Kara Babcock

I read, write, code, and knit.

5 Articles Tagged with “Thunder Bay”

  1. Free public transit: It’s not about the money

    You can pretend your opposition to free transit is purely economic, but these types of decisions are about race, class, and power.

    Last night, City Council in Thunder Bay announced they would look into proposals that the city make public transit (which means buses here) free. I was pleasantly surprised to learn that many councillors were in favour of the idea in principle, and while it’s a little frustrating that they are skeptical of the timetable (free by 2023), some of the practical considerations they raise are in fact exactly the kind of questions a city council should ask before doing something like this. So … kudos to council, I guess?

    But of course, there is the usual peanut gallery of vocal commenters who scream about their tax dollars any time the city has the temerity to talk about improving services on “their dime,” and this is why we can’t have nice things.

    I am not going to make an economic argument for free public transit, nor will I try to convince you that this is a good use of your tax money. However, I want to examine more deeply why there are good reasons for our city to provide free public transit and encourage you to examine your biases. When it comes down to it, being in favour of free transit…

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  2. Tolerating intolerance is always a bad look

    A local organization called the Urban Abbey is allowing an anti-abortion film to be screened in its space. This is not about free speech. It's about bad decisions.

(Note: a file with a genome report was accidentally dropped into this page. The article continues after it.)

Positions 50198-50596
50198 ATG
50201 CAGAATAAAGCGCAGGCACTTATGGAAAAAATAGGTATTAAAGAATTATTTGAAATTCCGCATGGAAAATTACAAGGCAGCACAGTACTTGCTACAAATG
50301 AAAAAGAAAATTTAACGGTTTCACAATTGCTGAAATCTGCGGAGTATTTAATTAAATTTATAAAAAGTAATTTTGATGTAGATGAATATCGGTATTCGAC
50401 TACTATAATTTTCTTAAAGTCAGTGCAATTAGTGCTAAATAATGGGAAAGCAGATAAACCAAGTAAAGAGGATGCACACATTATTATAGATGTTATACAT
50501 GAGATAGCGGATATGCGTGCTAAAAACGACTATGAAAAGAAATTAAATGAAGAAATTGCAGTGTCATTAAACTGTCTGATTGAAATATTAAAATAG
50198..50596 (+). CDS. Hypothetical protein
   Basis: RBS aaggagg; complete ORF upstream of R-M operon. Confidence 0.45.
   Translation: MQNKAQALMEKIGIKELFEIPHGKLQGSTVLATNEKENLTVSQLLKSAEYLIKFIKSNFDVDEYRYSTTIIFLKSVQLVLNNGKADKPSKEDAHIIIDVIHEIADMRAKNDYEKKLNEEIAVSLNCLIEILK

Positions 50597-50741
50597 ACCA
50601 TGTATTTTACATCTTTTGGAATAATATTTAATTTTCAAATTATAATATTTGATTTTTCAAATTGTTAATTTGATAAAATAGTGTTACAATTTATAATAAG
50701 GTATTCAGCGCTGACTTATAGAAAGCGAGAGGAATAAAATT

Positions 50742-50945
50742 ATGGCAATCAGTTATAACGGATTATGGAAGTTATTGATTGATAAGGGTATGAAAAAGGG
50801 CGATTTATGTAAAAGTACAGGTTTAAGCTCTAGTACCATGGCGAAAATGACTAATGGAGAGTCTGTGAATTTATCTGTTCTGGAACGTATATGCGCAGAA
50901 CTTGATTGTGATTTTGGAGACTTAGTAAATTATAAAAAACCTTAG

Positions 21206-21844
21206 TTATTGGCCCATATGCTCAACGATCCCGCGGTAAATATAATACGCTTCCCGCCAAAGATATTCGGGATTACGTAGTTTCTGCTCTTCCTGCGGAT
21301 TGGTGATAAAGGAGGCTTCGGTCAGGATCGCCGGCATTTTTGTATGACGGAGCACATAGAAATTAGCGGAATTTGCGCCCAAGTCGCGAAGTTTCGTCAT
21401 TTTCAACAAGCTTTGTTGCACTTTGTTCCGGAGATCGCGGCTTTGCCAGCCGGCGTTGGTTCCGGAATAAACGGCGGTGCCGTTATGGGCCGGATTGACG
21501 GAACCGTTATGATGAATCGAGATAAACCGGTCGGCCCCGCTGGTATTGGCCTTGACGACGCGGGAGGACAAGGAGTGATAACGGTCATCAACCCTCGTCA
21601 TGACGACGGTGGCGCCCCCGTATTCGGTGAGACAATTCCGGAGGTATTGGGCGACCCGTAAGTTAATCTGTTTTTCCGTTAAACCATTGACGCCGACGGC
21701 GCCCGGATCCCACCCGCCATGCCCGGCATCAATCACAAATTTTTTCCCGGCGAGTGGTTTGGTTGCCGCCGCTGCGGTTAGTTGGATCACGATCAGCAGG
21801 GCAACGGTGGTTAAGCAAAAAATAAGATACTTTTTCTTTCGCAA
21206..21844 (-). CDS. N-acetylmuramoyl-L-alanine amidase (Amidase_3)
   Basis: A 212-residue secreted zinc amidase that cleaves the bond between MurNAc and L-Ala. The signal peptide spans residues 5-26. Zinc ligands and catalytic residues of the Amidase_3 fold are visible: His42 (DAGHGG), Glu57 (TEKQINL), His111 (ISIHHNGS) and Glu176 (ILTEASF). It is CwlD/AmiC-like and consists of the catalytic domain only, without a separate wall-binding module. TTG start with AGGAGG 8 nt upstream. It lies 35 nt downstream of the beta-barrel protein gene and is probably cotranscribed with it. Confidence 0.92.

When you first opened your doors, I was rooting for you. I am not religious (far from it), but the idea that an inclusive, Anglican ministry was rehabilitating a beautiful building in Port Arthur’s downtown and planning to help the poor and vulnerable? I could get behind that. Unfortunately, events of the past week have demonstrated how easily a few poor decisions can undermine years of effort. Your decision to allow Thunder Bay Life to screen the film Unplanned at the Abbey is nothing less than an abrogation of your duties to those very same people.

    As an educator, I am ashamed that, somewhere along the way, myself and my colleagues have failed to help people understand the nuances of the concept of freedom of speech. Legally, morally, philosophically, freedom of speech has always been a quixotic, paradoxical, complicated phenomenon. These days, colloquially, it has morphed into a bludgeon with which to silence and a shield behind which to hide and claim undeserved neutrality.

    Deplatforming is not the same as the suppression of free speech. If Thunder Bay Life were denied the use of the Abbey’s space, there are other places it could screen its film. Charter rights to…

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  3. Part of the system

    Being part of a racist system doesn't make you racist. Refusing to acknowledge and stand up against system racism is what makes you racist.